Even Low Coronary Calcium Scores in Young Adults Predict CHD Risk: CARDIA

Larry Hand

February 15, 2017

NASHVILLE, TN — The presence of any coronary artery calcium (CAC), even at low levels, in individuals 32 to 45 years old predicts coronary heart disease (CHD) events and all-cause mortality later in life, suggests new research[1].

"Even if you have very small amounts of coronary calcium, or what I would call premature coronary atherosclerosis, individuals are at a very high risk of clinical events and cardiovascular death over the next 10 to 15 years," first author Dr John Jeffrey Carr (Vanderbilt University) told heartwire from Medscape.

In an editorial accompanying the report from Carr and associates[2], Dr Ron Blankstein (Brigham and Women's Hospital, Boston, MA) and Dr Philip Greenland (Northwestern University Feinberg School of Medicine, Chicago, IL) write, "The results . . . raise the question of whether there may be a role for screening individuals younger than 45 years with computed tomographic scanning for CAC."

Carr and colleagues analyzed data from the Coronary Artery Risk Development in Young Adults (CARDIA) study, in which researchers enrolled 5115 black and white men and women 18 to 30 years old between March 1985 and June 1986 in four US cities. During the study, researchers conducted examinations of surviving participants at years 15 (2000–2001), 20 (2005–2006), and 25 (2010–2011).

Researchers measured CAC using noncontrast computed tomography (CT) in a cohort of 3980 participants who underwent imaging, comparing them with 1135 who did not undergo imaging. They followed up for a median of 12.5 years, from the year 15 scan until the end of August 2014, according to their article, published online February 8, 2017 in JAMA Cardiology.

They developed a CAC score model "based on participant age, race/ethnicity, sex, educational level, field center, smoking status, LDL cholesterol, body-mass index, systolic BP, presence of diabetes, and use of medication(s) for BP and lipid control," the researchers write.

Carr and colleagues modeled participants' risk factors in their 30s and were able to predict with reasonable accuracy who would develop CHD over over the next 10 to 15 years, he said.

Researchers measured CAC scores in 3043 participants at year 15, 3141 at year 20, and 3189 at year 25. Mean patient ages were 40.3, 45.3, and 50.1, respectively.

The researchers found, overall, the 10-year incidence of CAC between years 15 and 25 to be 488 of 2209 (22.1%) participants. They found the prevalence of CAC to be 10.2% (309 of 3043) at year 15, 20.1% (631 of 3141) at year 20, and 28.4% (907 of 3189) at year 25.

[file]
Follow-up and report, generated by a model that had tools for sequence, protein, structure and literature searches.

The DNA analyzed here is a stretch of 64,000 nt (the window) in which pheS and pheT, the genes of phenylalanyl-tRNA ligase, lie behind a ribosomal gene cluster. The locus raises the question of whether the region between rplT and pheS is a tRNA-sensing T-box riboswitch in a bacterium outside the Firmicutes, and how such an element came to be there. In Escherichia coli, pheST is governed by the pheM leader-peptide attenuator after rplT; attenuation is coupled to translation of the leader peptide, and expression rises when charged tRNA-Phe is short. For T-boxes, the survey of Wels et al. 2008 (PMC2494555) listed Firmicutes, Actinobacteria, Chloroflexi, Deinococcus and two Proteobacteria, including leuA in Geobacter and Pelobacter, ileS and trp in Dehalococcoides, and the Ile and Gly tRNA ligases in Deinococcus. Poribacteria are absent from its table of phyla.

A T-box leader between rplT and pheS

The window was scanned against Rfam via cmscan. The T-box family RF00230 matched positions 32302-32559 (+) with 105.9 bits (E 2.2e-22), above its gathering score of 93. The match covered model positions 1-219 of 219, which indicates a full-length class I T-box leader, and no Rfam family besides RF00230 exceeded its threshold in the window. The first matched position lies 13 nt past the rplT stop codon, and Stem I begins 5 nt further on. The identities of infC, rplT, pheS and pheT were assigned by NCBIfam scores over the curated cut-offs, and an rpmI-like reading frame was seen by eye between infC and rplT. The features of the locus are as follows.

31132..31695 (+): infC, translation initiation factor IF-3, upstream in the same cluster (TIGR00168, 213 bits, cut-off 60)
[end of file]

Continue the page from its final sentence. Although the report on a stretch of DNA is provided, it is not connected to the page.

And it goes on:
The researchers found the adjusted hazard ratio (HR) to be 5.0 (95% CI 2.8–8.7, P<0.001) for CHD, compared with participants with no CAC. They found that the incidence density was:

  • 4.8 events per 100 persons with a CAC score of 1 to 19 (HR 2.6, 95% CI 1.0–5.7; P=0.03).

  • 10.6 events per 100 persons with a CAC score of 20 to 99 (HR 5.8, 95% CI 2.6–12.1; P<0.001).

  • 26.1 events per 100 persons with a CAC score of 100 or higher (HR 9.8, 95% CI 4.5–20.5; P<0.001).

They also found that presence of any CAC carried an incidence density of 8.1 all-cause deaths per 100 people during follow-up (HR 1.6, 95% CI 1.0–2.6; P=0.05), but the incidence density increased to 22.4 deaths in individuals with CAC scores of 100 or higher (HR 3.7, 95% CI, 1.5–10.0; P<0.001).

"What this paper adds is that in those people who may be at elevated risk, coronary calcium is a very specific biomarker of identifying people who are anywhere from a 10% to 25% 10- to 15-year risk of having a clinical event," Carr told heartwire.

Carr said he and his colleagues are not recommending that all young adults go out and get a CT scan.

"Many people get CT scans for other causes," he said, and those scans could be checked for CAC levels.

"If, say, a young 25-year-old woman has coronary artery calcification, that should be identified as a biomarker risk, and we should advise her and her providers of this elevated risk and then they can do a risk-factor assessment and decide what steps may be taken to lower her risk," he said.

"Currently we will use traditional risk factors to calculate one of several scores, such as the Framingham risk score or the pooled cohort risk equation, where we predict an individual's 10-year risk of heart disease," he said. "Current strategy, based on the amount of elevated risk, is to increase the intensity of our prevention activities. We should match what prevention we do based on the individual's personalized risks," he said.

"Unfortunately," he added, "for these risk models, just like coronary calcium, we have no randomized controlled trial showing that measuring someone's risk and tying that to a treatment reduces events."

Current guidelines include screening for CAC as an option for people in whom risk is uncertain, with threshold CAC scores of 100, 300, and 400.

"However," the researchers write, "in light of our findings, these recommendations might be reconsidered in favor of lower thresholds in middle-aged and younger adults."

The National Heart, Lung, and Blood Institute supported this research. The authors reported no relevant financial relationships.

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